IoN Comments on Banning Use of Nanoparticles

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PostPosted: Fri Sep 05, 2008 1:34 pm    Post subject: IoN Comments on Banning Use of Nanoparticles Reply with quote

Is the UK’s Soil Association Right to Ban the Use of Nanoparticles in its Certified Products?

The UK’s Soil Association has announced a total ban on the use of manufactured nanoparticles in any of its products. The reason? In its opinion nanoparticles are hazardous and the human body unable to respond to this threat. The Institute of Nanotechnology (IoN) believes that such a statement and blanket ban is extreme, ill-thought through, and without a proper explanation and justification, is likely to unjustifiably alarm the public.

Firstly, every human being is exposed to nanoparticles on a daily basis. The vast majority of these nanoparticles (over 90%) derive from natural sources such as erosion, and volcanic eruption. Of the rest, the majority are produced by combustion, such as from fires and diesel engines. Most ‘natural’ nanoparticles, in general terms, can be tolerated by the body, however there are clear health problems associated with those that are the product of burning diesel or other fuels. If the soil association wished to ban the most pervasive human-created nanoparticles, then they should seek to ban all transport that relies on hydrocarbon combustion.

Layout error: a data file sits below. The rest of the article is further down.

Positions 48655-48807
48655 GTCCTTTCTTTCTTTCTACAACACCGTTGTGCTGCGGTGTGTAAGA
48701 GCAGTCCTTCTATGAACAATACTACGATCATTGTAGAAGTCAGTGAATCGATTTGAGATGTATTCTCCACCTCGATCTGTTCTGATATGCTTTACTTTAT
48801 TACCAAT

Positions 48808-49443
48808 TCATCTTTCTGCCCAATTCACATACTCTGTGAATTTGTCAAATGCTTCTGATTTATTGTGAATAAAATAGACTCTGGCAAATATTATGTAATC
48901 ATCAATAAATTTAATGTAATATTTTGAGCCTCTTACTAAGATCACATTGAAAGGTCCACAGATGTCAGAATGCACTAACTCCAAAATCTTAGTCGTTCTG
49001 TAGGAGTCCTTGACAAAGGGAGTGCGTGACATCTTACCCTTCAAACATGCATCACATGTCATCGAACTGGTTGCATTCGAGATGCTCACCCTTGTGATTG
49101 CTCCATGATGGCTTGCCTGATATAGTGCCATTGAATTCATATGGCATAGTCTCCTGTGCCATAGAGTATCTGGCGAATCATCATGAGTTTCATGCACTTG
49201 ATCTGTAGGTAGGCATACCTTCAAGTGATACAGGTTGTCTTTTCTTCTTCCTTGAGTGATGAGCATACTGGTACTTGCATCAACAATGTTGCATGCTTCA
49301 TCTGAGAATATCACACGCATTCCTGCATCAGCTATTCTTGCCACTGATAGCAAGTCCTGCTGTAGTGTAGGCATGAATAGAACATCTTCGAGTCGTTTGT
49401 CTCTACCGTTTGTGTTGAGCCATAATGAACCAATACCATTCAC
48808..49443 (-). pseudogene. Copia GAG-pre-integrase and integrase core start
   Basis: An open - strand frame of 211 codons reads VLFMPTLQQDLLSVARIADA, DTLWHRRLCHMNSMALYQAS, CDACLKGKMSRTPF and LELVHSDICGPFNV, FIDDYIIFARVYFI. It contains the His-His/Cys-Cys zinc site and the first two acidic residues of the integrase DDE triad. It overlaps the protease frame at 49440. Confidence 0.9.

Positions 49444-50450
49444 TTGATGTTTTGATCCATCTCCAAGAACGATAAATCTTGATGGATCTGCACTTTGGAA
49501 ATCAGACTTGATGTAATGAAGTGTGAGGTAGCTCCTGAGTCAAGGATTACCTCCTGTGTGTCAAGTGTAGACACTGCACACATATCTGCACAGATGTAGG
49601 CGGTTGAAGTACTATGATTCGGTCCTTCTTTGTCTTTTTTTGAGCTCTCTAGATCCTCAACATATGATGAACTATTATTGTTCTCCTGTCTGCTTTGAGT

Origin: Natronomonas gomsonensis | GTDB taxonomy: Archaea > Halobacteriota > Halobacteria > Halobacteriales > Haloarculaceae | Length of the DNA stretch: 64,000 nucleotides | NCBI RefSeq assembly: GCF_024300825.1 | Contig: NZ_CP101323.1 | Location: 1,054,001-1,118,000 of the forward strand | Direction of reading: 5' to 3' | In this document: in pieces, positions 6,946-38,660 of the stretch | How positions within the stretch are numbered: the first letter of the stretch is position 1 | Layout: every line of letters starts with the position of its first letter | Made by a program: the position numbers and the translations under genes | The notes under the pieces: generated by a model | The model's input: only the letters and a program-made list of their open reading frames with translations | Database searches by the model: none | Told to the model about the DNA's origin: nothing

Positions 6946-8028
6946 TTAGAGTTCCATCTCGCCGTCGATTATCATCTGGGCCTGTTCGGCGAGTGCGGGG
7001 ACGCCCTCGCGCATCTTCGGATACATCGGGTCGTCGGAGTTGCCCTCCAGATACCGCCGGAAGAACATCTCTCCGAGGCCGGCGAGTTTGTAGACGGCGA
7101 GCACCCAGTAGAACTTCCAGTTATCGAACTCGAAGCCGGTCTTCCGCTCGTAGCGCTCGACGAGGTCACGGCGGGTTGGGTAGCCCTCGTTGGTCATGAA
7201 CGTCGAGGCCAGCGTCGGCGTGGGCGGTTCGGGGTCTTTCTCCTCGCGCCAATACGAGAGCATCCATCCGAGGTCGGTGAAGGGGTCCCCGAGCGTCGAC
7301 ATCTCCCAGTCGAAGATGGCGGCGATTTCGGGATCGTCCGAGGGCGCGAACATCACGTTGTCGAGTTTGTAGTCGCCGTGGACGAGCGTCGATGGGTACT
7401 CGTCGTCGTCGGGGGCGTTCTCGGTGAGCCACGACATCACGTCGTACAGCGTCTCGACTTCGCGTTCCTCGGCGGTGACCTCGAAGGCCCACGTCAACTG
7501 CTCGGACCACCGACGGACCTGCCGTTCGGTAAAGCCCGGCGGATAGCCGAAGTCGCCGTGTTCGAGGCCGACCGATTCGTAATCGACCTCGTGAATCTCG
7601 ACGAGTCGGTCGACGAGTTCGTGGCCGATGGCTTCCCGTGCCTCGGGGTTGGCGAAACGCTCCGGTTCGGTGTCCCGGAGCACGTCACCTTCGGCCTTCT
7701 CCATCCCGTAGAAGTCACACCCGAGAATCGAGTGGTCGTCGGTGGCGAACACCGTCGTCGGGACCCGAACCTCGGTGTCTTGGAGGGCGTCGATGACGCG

Secondly, it is prudent to consider what is meant by risk. Risk relates to the likelihood of exposure to a hazard. A cliff face can be a hazard, but is not a risk to people living in the Netherlands. It is important to remember that, to comply with legislation, all products used in the cosmetic, health and food industries must be shown to be safe for humans - effectively minimising potential hazard. Additionally, all health and cosmetic products have instructions for their proper application or use, which limits risk. The risk therefore should be no different from that of other cosmetics, health products or food additives.

While the IoN is not complacent of the potential hazards posed by some nanoparticles, this must be put in the proper context. Fundamental research into the potential risks posed to human health and the environment must continue to be supported, but not at the expense of preventing the development of new technologies that could have a significant positive impact on society and the environment.

Changes to regulatory frameworks (such as REACH - new EU regulations for chemicals and their safe use), consultation on codes of conduct, and support for fundamental research on the properties of nanoparticles that need to be measured (and the means to do so) will all contribute to the safe and responsible development of nanotechnology, and the IoN supports this. Nanoparticle research and development offers great potential for environmental benefit, renewable energy generation, and many other applications, and with the present regulatory environment which militates against any harmful chemical, the Soil Association is in grave risk of throwing the baby out with the bathwater in this instance.

Of course, it is worth remembering that soils gain their wonderful properties because of nanoparticles of clay and silica, many of which are exactly the same as those nanoparticles used in cosmetics!

Read the Soil Association Press Release...
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